Nine recent UMBC graduates and alumni will soon travel to the UK, El Salvador, Kuwait, France, Colombia, Taiwan, South Korea, and Germany as 2022 Fulbright U.S. Student scholars. They include emerging leaders in education, astrophysics, cybersecurity, human rights, and more, and they are excited to explore difficult questions through fresh perspectives.
Four UMBC faculty and staff members have received highly competitive Fulbright awards to conduct research and establish important connections around the world over the next year. UMBC’s new recipients of Fulbright U.S. Scholar awards are Shimei Pan, associate professor of information systems; Corrie Parks, assistant professor of visual arts; and Tiffany Thames Copeland, adjunct faculty in Africana studies. Nancy Young, vice president for Student Affairs, has received a Fulbright International Education Administrators Award. They will travel to Germany, Austria, Ghana, and France, respectively.
While working at Sodexo, a food services company, Tchuissi Mbu Nyamsi ’22 realized that there were data problems she wanted to solve. “I realized it was something I really wanted to have more knowledge in and I wanted to sharpen my skills,” she says. So she enrolled in UMBC’s master’s program in data science at the Universities at Shady Grove.
Kateryna Yakusheva ’22, global studies and economics, looks forward to working on the international stage, with an organization like the World Bank or International Monetary Fund. Wherever her career takes her, she knows she wants to help different groups come together to manage risks, address conflicts, and build new futures.
An aspiring polyglot, Caleb Ruck ’22, modern languages and linguistics, collected languages like Pokemon when he was young. No college felt right, however, until the day he toured UMBC. He knew right away that it was where he belonged. “I genuinely think that UMBC is the best possible fit that I could have gotten,” he says, “it has a very deliberate underdog spirit.”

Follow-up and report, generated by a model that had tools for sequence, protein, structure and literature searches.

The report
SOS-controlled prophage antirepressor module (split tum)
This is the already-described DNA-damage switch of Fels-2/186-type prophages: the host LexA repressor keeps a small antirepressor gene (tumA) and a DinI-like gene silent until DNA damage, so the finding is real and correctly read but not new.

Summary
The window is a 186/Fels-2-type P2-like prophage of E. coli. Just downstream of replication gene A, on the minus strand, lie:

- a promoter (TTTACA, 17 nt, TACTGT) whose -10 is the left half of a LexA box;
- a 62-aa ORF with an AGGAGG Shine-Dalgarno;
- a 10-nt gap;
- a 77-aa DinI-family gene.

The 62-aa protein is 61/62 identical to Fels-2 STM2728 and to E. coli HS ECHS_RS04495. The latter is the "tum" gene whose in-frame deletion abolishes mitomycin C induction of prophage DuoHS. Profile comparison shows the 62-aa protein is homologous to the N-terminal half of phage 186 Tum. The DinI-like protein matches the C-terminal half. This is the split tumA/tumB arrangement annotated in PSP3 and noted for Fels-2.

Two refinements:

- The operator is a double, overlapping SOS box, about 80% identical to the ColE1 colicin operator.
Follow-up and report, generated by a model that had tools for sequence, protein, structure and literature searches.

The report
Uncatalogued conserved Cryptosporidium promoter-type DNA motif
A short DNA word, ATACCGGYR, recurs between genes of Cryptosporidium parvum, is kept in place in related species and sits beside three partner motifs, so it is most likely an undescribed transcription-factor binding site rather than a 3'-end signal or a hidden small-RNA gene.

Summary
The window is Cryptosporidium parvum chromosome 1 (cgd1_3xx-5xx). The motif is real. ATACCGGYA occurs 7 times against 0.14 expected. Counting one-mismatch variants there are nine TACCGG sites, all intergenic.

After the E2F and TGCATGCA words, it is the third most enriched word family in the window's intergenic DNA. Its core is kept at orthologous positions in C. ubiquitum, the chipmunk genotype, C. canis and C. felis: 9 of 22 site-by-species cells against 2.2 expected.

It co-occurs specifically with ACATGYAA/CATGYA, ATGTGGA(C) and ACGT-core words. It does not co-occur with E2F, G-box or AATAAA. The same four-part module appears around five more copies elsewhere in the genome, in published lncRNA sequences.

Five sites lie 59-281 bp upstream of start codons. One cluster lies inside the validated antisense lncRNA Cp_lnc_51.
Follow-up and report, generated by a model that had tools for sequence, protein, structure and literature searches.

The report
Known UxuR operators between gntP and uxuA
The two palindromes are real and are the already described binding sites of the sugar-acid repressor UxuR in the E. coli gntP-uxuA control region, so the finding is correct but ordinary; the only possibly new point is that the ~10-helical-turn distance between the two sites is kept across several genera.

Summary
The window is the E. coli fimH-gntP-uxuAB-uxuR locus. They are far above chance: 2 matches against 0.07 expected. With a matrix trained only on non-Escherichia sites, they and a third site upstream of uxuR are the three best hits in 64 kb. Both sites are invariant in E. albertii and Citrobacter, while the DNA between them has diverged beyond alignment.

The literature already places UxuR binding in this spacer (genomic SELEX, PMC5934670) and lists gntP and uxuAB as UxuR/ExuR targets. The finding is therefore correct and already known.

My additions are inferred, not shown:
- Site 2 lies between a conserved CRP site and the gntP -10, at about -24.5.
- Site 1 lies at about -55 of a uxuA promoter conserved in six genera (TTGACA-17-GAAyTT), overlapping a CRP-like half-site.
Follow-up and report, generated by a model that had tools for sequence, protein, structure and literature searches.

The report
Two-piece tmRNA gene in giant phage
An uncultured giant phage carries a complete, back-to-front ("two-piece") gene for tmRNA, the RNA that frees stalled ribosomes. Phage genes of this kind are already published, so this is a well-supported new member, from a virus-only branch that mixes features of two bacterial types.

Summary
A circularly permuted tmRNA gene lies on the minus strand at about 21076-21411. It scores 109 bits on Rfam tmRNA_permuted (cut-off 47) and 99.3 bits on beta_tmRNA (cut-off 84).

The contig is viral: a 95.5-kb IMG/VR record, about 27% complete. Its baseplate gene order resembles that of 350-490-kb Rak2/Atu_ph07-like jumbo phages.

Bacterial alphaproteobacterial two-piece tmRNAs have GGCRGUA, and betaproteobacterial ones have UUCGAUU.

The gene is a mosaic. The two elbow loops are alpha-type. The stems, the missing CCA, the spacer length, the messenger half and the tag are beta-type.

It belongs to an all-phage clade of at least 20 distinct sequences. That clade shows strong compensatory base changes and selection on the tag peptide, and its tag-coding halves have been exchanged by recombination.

As a child in Iran, Nastaran Azar ’22, biological science, was afraid when she saw her grandmother take out her dentures, but her brother’s explanation of what had happened to her grandmother’s original teeth gave Azar a life goal. “Teeth play a really important role in our lives,” she says. She plans to help others take care of theirs when she eventually becomes a dentist.
“When I arrived in Spain as a teenager, my teachers did not expect me to go to college because I was an immigrant and because I didn’t have the resources to access certain learning opportunities,” says Melisa Argañaraz Gomez, Ph.D. ’22, geography and environmental systems. “Now, as a graduate student in the U.S., remembering my experience as a teenager helps me connect with the students I support and empathize with their lives.”
Praise Lasekan ‘25 checked off two major items from his to-do list this academic year: he traveled over 6,000 miles from Nigeria to the U.S. for the first time and he became a Retriever. Learn about his experience in a conversation with Adam Julian, UMBC’s director of international student and scholar services.
“Monitoring a natural resource or an institution can generate valuable information that will improve governance, but it is necessary to engage decision-makers and the community,” says UMBC’s Maria Bernedo Del Carpio, assistant professor of economics. She and colleagues at other research institutions have conducted a field experiment to isolate one feature of local common pool resource governance: externally supported, technology-facilitated community monitoring.
Based on a decade of archival research, “Blood on the River: A Chronicle of Mutiny and Freedom on the Wild Coast” tells the story of a nearly successful rebellion of enslaved people just over 250 years ago. UMBC’s Amy Froide, professor and chair of history, shares that Kars is a notable example of the rigorous historical research that thrives at UMBC – meticulously researched and carefully argued scholarship that is beautifully written and accessible to a wide range of audiences.
UMBC is the only North American university to receive this prestigious Gold Award, affirming the collective, intentional work behind UMBC’s global engagement strategy. It reflects two years of work engaging over 400 members of the UMBC community, who together envisioned the future of UMBC’s global interconnections.